Self Defense

Practice Areas

Criminal Attorney in Los Angeles – Self Defense in Violent Crime Cases

Self-defense is most commonly asserted by criminal lawyers in Los Angeles, CA on behalf of their clients who have been accused of violent crimes such as assault with a deadly weapon, aggravated battery, or homicide. If you got involved in a physical altercation with someone and that person was about to gravely hurt or injure you and to prevent that from happening, you used force to hurt that person, you may be able to allege self-defense. That is only if you had an honest and credible belief that your life was in imminent danger and death or serious injury to you would have resulted if you did not act to defend yourself.

Elements of Self-Defense

It takes professional skill by your lawyer to prove Self-defense. First, you cannot have been the initial aggressor or the one who initiated the altercation. Secondly, you should know that even if you are in danger, you should not use excessive force. You may only use force that is reasonably necessary under the circumstances. For instance, if someone slaps you, you can’t take out a knife and slash their face. The use of force must also be reasonable and proportionate to the type of attack or assault. If someone makes you mad by swearing and name calling, you can’t punch them in the face and you can’t throw a bottle at their car. Your conduct may result in assault or vandalism charges to be filed against you.

If the alleged attacker who initiated the assault did not make an imminent threat to you, you could not reasonably claim that you were in danger. You must show that at that exact moment you had no other choice and if you just stood there, you would have been hurt. If you thought you were in danger but in fact you weren’t, then the jury must decide whether your subjective belief was reasonable.

The Battered Woman’s Syndrome

If a woman has been subjected to repeated physical abuse or threats of death by her spouse or partner, she may be able to assert self-defense if she killed her spouse or partner. The court will look at the totality of the circumstances to determine if she had a reasonable belief that she was in imminent danger of death or great bodily injury. The defendant must show that the abuse and fear of death was ongoing until moments before she delivered the fatal blow. If the trier of fact determines that the defendant’s belief of being in grave danger was not reasonable but it was honest, there is no perfect defense. That means the charges will not be dropped. However, the woman’s honest belief of being in danger may be grounds for imperfect self-defense. This may result in the reduction of a murder charge to manslaughter.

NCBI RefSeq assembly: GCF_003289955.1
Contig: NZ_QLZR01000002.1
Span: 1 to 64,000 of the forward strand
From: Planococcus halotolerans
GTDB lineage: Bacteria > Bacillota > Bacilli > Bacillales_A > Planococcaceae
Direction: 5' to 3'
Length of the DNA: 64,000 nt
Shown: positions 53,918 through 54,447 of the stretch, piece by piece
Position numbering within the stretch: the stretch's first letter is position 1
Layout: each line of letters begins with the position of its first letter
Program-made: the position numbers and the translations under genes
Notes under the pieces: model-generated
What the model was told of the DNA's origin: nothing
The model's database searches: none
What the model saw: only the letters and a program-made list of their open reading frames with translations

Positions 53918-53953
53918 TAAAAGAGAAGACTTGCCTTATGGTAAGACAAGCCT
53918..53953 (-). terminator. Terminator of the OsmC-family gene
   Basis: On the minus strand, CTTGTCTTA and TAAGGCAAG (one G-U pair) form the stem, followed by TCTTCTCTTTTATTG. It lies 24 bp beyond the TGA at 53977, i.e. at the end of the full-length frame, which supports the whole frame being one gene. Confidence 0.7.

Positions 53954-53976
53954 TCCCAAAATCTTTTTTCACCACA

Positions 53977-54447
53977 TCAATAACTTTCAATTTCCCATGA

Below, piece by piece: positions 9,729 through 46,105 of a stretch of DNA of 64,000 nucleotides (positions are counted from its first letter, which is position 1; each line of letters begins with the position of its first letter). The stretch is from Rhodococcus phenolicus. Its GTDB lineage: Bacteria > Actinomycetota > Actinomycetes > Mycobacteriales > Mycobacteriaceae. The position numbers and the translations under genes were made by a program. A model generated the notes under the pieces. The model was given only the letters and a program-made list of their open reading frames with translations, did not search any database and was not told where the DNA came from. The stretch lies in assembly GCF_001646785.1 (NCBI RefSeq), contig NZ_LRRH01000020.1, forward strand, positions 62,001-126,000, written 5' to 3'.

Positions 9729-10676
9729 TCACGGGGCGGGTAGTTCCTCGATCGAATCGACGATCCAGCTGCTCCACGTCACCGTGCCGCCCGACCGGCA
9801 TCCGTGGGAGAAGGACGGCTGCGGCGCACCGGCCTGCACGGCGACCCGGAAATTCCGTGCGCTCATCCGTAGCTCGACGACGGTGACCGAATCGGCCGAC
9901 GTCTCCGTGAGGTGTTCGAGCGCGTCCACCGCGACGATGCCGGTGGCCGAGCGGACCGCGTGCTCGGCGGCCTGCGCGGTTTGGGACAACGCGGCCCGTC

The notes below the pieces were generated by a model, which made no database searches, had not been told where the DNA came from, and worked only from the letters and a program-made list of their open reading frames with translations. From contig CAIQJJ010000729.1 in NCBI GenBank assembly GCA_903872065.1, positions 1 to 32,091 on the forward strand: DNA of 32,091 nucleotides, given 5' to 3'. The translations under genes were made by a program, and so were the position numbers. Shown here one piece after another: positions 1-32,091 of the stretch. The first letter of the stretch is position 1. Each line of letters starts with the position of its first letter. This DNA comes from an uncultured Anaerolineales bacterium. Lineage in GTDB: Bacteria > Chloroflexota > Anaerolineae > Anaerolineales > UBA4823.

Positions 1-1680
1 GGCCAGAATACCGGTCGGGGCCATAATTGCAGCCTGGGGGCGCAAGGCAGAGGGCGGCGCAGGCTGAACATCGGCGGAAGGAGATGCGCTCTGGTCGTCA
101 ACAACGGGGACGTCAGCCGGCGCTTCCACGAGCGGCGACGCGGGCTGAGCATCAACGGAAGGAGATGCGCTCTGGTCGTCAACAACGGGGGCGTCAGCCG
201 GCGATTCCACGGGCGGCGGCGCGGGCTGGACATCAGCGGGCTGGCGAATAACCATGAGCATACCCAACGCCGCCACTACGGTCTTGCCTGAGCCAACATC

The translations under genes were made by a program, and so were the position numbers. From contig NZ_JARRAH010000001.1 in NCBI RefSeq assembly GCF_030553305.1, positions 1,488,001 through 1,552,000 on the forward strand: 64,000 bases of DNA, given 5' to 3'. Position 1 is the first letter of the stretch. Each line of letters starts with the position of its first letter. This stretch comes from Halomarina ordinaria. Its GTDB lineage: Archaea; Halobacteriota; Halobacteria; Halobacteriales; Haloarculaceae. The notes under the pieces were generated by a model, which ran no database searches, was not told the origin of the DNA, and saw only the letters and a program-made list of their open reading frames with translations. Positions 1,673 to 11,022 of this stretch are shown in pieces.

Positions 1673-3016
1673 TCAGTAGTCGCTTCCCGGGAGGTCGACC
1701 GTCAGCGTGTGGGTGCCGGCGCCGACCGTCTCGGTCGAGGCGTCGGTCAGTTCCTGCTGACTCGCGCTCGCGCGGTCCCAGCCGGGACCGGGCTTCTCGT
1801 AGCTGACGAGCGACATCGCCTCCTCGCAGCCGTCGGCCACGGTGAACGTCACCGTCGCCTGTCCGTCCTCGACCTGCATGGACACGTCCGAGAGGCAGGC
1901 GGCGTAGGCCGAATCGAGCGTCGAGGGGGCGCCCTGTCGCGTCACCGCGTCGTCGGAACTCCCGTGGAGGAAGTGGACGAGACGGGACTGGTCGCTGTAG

Use of Deadly Force

Self-defense is considered a type of “justification defense”. It is most common in assault, battery and murder charges. If you can prove that your life was in danger and you only used reasonable amount of force under the circumstances, your conduct may be “justified”.

If the threat by the attacker was conditional, you can’t use self-defense. For instance, if someone says “If you ever come knock on my door, I’ll kill you”. You can’t go buy a gun and shoot that person and allege self-defense. That’s because you were not in “imminent danger”. The threat was conditional and not unequivocal.

The use of deadly force is applicable only if it was absolutely necessary to defend against an immediate and present danger. That means the defendant had no other option but to instantly deal with the situation. If a gun is pointed at you and in a fraction of a second, you could be killed, use of deadly force may be justified. You don’t have to run away. You may use deadly force. But if your alleged attacker says “I am going to my office to get a gun and one of these days I will kill you”, then you don’t have an imminent danger. Therefore, you can’t attack that person with a knife at that moment or the next day. That’s because the imminent danger has not occurred yet. You still have other options such as reporting the matter to the police or temporarily staying at a different location until investigations are done. If you jump the gun and use deadly force under these circumstances, you could be charged with murder.< p>

The Castle Doctrine in California

Some states in the United States follow the Stand your Ground principle, meaning that a person may use deadly force when in imminent danger. In those states, there is no obligation to retreat. California, however, says that a man’s home is his castle, allowing people to use force against an intruder into their homes. To be able to use deadly force, the homeowner or resident must show that he knew that there was an illegal entry into his home, or someone was attempting to enter his home. Defendant must also show reasonable fear that he or others in his household were in imminent danger of death or great bodily injury.

The Castle Doctrine does not apply to vehicles and places of business.

If you believe you have a self-defense case and need professional legal representation to prove it, we are here to help. We will look into every detail of your case to fight for you and prove your innocence. Don’t lose hope. We can help.

Skip to content